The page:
27 August 2014

Viewpoint : Distribution 

Time for a new approach

01 December 2008
Article Type:
Charles Davis
The third party logistics industry is in a difficult place. Despite efforts to differentiate themselves with customers, they are still seen as commodity suppliers by many customers and margins are thin, typically around one per cent for a haulier. While there is a lot of talk about 3PLs being supply chain partners, the reality is often very different. They share minimal risks with their customers and simply provide services, in the worst cases, on a cost plus basis with no incentive to reduce costs. A new model that genuinely ties in with their customers and shares some of the risk is needed if they are to become partners.

When one looks at the services of 3PLs, the main areas are transport, warehousing and supply chain management. Transport and warehousing are increasingly commodities that are procured and managed through a leverage sourcing strategy. Supply chain management offers the potential to differentiate as it has a significant impact if done well and is much harder to specify and procure on price. The issue, however, is that while 3PLs will offer to do the planning, they will rarely offer to take on the risk, which begs the question as to why a company should give them a contract that locks them in. If 3PLs were willing to share risk, particularly around the inventory ownership, then it would be a powerful proposition that would transform them into partners. Even before the credit crunch, there was a lot of discussion but few were willing to do this.

There are, however, companies that increasingly look like, and compete, with 3PLs but are willing to take on the inventory - contract manufacturers. For example, if one looks at the high-tech industry the Electronic Manufacturing Suppliers, such as Flextronics, take the inventory ownership and increasingly offer logistics services. As these companies extend their services along the supply chain, they have the potential to become the logistics partners of the future with their different model. While there are many risks in this strategy, the potential rewards from success will be high.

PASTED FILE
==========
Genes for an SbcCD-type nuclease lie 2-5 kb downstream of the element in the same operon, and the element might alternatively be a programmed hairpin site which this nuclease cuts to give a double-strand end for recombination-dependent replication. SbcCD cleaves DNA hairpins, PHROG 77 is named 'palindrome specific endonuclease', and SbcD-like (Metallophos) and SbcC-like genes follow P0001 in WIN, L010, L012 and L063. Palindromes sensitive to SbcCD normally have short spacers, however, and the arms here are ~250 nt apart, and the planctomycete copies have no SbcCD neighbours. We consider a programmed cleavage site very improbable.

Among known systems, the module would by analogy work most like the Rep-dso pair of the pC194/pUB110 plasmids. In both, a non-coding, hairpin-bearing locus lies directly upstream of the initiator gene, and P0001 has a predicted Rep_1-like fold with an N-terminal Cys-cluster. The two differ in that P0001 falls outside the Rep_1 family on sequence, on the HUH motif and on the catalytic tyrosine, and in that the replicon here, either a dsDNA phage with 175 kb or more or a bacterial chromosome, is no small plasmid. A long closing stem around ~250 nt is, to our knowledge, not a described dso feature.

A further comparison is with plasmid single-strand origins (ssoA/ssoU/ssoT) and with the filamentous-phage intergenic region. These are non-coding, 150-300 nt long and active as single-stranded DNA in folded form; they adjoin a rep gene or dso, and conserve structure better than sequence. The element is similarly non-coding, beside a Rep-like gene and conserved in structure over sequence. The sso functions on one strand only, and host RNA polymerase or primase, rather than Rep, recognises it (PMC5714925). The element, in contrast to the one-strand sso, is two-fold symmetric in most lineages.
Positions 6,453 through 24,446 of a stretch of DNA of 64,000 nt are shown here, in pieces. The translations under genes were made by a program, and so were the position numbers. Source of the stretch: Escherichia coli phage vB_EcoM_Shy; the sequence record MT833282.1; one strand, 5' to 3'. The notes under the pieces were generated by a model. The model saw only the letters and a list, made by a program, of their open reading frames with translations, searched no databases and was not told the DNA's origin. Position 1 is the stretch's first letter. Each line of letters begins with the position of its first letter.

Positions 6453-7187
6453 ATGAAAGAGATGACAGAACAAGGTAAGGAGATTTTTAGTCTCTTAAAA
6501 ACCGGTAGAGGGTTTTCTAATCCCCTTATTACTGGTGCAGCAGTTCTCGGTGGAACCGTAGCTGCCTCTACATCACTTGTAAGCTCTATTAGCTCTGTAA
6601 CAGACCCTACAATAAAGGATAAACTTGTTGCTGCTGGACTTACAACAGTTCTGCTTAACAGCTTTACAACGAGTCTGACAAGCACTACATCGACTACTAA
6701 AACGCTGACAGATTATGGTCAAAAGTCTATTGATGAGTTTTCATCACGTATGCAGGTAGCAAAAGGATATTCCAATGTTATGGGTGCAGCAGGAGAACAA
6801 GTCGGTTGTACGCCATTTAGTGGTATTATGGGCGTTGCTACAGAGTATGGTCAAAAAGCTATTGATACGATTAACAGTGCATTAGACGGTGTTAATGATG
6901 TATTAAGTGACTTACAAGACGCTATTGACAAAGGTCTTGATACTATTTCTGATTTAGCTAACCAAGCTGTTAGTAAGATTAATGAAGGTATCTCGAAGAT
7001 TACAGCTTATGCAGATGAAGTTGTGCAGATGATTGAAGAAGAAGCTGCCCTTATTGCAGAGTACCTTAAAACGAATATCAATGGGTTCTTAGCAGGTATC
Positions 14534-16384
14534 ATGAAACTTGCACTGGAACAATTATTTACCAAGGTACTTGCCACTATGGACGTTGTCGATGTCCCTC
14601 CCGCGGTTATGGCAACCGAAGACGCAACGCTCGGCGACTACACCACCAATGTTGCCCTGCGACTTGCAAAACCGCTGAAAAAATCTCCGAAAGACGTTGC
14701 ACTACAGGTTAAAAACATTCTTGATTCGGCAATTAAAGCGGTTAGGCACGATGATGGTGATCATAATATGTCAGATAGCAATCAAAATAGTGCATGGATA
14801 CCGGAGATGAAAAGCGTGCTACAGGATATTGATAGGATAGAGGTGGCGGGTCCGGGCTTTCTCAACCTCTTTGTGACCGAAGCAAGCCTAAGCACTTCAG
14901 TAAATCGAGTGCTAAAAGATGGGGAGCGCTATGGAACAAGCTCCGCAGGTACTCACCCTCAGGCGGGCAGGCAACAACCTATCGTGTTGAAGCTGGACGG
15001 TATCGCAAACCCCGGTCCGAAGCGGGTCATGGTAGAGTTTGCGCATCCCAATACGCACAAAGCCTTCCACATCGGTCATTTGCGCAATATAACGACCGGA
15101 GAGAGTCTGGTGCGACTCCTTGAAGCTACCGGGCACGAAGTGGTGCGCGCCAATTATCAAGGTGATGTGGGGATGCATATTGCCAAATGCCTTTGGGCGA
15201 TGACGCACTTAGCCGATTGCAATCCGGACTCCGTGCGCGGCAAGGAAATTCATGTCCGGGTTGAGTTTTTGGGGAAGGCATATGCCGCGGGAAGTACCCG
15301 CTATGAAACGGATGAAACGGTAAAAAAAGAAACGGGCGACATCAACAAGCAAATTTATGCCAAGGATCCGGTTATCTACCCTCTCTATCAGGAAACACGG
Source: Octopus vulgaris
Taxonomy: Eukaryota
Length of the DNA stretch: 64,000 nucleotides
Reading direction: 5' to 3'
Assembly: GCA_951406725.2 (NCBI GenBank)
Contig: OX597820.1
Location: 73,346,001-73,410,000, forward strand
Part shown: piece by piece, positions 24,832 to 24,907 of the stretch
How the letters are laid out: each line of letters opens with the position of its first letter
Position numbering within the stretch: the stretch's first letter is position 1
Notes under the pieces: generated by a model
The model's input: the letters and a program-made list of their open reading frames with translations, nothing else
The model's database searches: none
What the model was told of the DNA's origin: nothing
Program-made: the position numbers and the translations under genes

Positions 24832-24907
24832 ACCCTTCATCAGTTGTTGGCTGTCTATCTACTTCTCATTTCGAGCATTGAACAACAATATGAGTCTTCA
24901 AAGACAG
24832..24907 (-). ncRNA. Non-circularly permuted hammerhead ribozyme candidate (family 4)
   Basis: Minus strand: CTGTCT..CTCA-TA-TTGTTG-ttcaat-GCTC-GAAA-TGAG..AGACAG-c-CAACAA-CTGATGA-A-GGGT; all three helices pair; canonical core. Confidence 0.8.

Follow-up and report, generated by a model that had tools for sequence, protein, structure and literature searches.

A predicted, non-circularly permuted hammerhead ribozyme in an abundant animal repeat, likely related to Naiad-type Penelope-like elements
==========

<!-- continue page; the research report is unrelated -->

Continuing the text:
For 3PLs to move away from being commodity suppliers and become true partners they will need a model that enables them to take the risk, and ideally, ownership of the inventory. This will have a number of challenges, particularly in the current environment:

- Access to funds - while some banks have been looking at this in recent years, in today's environment a new and innovative inventory ownership model will be more difficult.

- Inventory as collateral - while some inventory has a market value, some that is highly branded or specialist has limited value in a "fire" sale. Thus, using the inventory as collateral will be difficult.

- Risk sharing - there are many drivers of inventory and excellent supply chain processes are only part of the solution. Neither party can therefore accept all the risk.

In practice, offering new value added solutions such as inventory ownership needs to be accompanied by a redefinition of the relationship away from "them and us". Rather, a partnership mindset will be needed to drive towards these more advanced models where parties align on shared key performance indicators. These relationships are difficult to form due to the lack of trust and the desire by each party to ensure certainty. While most agreements recognise the need for both parties to meet their objectives, too often they overlook two fundamental alignment areas:

- Supply chain: the relationship should seek to improve the underlying performance of the supply chain so that there are benefits to share between the parties. Unfortunately, in too many circumstances, the desire to measure the performance of the other party leads to sub-optimised supply chains.

- Individual: the relationship should aim to meet the personal objectives of the individuals. Agreements should factor in sufficient revenue for all involved from the dedicated operations manager to the supplier so that the relationship is optimised.

It is true that there are solutions being developed in inventory financing and ownership but these are still very much in their infancy. In many situations it would be inappropriate for a 3PL to take on inventory as they do not control the main drivers, but without a change of focus 3PLs will find it difficult to change and reap the rewards of becoming real partners.

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